- Vice President woos investors with Nigeria’s 70m hectares of arable land
Investors have been given a glimpse into the country’s massive agricultural potential.
Vice President Kashim Shettima unveiled the enormous capacity for investment in agribusiness in Iowa, United States on Tuesday.
To guarantee food security, he said the Federal Government plans mechanised farm centres in all the 774 local government areas.
According to him, Nigeria remained the best place to invest, “with about 70 million hectares of underutilised arable land, which is 75 per cent of our total land area”.
He added: “Nigeria offers a substantial opportunity to both local and foreign investors to boost agricultural productivity.
“This is why we’ve embraced the TAAT, GIP, and SAPZ programmes and we are investing in agricultural research through the National Agricultural Development Fund (NADF).
“This is why we are helping our farmers increase production and providing essential infrastructure for industries in peri-urban areas to expand their capacity.
“This is the wisdom for our resolve to establish Mechanisation Service Centres in all our 774 Local Government Areas to facilitate essential primary production services.”
Shettima’s remarks were made available by his spokesman Stanley Nkwocha.
The Tinubu Administration has expressed its interest in diversifying the economy from oil and gas to agriculture.
Shettima spoke during the Norman Borlaug International Dialogue.
The Norman E. Borlaug International Dialogue, also referred to as the “Borlaug Dialogue,” is a gathering of individuals from more than 65 countries fully prepared to address cutting-edge issues related to global food security and nutrition.
The theme of this year’s lecture is “Harnessing Change”. The Vice President told the gathering that under President Tinubu’s watch, Nigeria has since demonstrated that the Agrifood sector was a top priority.
Delivering his address titled, “Nigeria’s Agribusiness Roadmap for a Prosperous Future,” VP Shettima said: “Our primary objective is to empower our farmers and attract investors.
“We are increasing primary production to harness the economic potential of agro-processing and industrialisation.
“This is why, upon assuming office, the President declared a state of emergency in agriculture.
“The connection between food and national security is too significant for us not to be alarmed by happenings around the world, whether in response to unforeseen disasters like the COVID-19 pandemic or the geopolitical frictions around us.”
Restating Nigeria’s firm belief in the power of partnership, the VP explained that it was for this reason that the country had prioritised interventions, which he said present profound economic opportunities for investors.
He listed the interventions to include:
*The National Agriculture Growth Scheme (NAGS);
*the Technologies for African Agricultural Transformation (TAAT);
*The Livestock Productivity and Resilience Support Project (L-PRES);
*The Green Imperative Project (GIP) and
*The Special Agro-Industrial Processing Zones (SAPZ) programmes.
“Allow me to share that Nigeria understands the essence of partnerships in sustaining the dreams and promises that have brought us together today.
“This is why we are already collaborating with institutions such as the African Development Bank, the World Bank, the International Fund for Agricultural Development (IFAD), the Islamic Development Bank, and the United States Agency for International Development (USAID) to achieve food and nutrition security in Nigeria and beyond.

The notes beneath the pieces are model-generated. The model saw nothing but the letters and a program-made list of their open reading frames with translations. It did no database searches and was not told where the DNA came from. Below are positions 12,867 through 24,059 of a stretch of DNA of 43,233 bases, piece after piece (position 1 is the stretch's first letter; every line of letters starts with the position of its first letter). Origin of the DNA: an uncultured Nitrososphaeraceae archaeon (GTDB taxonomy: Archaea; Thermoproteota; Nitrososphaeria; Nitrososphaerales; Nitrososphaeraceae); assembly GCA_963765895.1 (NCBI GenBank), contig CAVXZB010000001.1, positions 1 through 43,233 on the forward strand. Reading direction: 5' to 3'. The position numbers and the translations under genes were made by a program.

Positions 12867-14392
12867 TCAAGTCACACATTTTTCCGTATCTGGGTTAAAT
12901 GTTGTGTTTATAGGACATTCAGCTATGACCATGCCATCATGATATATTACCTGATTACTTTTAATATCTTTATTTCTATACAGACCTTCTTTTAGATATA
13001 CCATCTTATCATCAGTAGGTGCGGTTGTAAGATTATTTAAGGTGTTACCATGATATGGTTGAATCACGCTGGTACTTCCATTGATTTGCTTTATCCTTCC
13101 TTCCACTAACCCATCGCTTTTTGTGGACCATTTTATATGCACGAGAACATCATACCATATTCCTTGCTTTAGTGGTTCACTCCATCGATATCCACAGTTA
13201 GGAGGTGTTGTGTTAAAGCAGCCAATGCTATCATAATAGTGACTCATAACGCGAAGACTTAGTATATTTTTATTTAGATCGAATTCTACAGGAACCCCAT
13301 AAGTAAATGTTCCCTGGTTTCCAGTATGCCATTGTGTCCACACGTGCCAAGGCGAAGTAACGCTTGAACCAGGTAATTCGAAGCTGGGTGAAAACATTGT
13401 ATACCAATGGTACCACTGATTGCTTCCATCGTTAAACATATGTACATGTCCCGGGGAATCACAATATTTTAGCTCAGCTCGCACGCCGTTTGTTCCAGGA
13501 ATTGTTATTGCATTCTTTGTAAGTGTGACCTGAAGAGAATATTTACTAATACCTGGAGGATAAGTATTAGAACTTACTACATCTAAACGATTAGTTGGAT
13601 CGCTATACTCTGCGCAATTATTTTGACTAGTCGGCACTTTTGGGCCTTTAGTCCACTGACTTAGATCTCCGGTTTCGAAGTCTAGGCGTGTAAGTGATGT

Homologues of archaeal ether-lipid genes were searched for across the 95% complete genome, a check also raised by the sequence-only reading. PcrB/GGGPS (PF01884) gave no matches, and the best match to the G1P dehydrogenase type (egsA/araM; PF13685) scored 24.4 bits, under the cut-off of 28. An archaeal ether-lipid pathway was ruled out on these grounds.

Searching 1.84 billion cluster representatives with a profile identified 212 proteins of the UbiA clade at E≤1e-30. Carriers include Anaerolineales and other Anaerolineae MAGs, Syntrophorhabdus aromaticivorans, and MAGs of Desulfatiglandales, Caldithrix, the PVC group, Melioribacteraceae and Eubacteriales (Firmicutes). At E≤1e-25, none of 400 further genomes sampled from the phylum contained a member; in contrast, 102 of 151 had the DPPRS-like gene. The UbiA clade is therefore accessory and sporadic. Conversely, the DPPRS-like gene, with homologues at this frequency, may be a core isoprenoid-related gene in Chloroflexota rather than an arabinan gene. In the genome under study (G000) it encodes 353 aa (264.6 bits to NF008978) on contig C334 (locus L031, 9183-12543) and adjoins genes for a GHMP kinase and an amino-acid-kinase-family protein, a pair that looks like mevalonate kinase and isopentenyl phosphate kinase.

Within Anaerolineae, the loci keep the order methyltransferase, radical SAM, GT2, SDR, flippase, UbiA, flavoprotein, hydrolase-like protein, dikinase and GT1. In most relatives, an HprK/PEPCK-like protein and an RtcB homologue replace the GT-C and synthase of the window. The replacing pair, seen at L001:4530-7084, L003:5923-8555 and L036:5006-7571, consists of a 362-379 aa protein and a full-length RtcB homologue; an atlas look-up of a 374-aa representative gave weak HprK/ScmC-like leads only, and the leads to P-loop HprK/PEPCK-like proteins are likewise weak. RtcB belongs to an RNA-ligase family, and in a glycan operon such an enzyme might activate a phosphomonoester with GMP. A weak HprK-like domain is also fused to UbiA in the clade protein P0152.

“With the invaluable support of our partners, we are exploring innovative strategies to transform this quest for food security into a thriving enterprise,” Senator Shettima stated.
He added that while much of the demand for agribusiness products was satisfied through imports, the Tinubu Administration is dedicated to reversing Nigeria’s over-reliance on importation.
VP Shettima noted that apart from the fact that its strategic location in West Africa provides easy access to regional and international markets, Nigeria was also poised to dismantle investment barriers.
This, he said, is being achieved through a supportive policy framework such as the National Agricultural Technology and Innovation Policy (NATIP).
He continued: “Because we believe that import rules are a significant factor, we’ve established a policy of zero duties on agricultural machinery and imposed restrictions on certain agricultural commodities to stimulate local production.
“We are also offering preferential financing and subsidies, exemplified by an agricultural credit guarantee scheme that guarantees up to 75 per cent of loans for agricultural ventures.
“We’ve also introduced a range of tax incentives, including tax holidays, deductions for locally sourced materials, labour incentives, and pioneer status incentives, making it easier to conduct business.
“Notably, we’ve opened the doors to foreign investors, allowing them to have 100 per cent ownership in companies and repatriate their profits and dividends without hindrance.”
While introducing VP Shettima, Ambassador Terry Branstad, President of the World Food Prize Foundation and former U.S. Ambassador to China, described the Nigerian Vice President as a rare African statesman whose leadership qualities, loyalty as well as sense of commitment to nationhood and development can best be described as legendary.
He expressed optimism that the Bola Ahmed Tinubu Presidency would be successful given its devotion to results-oriented diplomacy.
Attending the Dialogue with the Vice President were Plateau State Governor Caleb Mutfwang; Minister of Agriculture, Sen. Abubakar Kyari; and Consul General (New York) Amb. Lot Egopija, and Senior Special Assistant to the President on Agribusiness and Productivity Enhancement (Office of the Vice President), Dr Kingsley Uzoma, among others.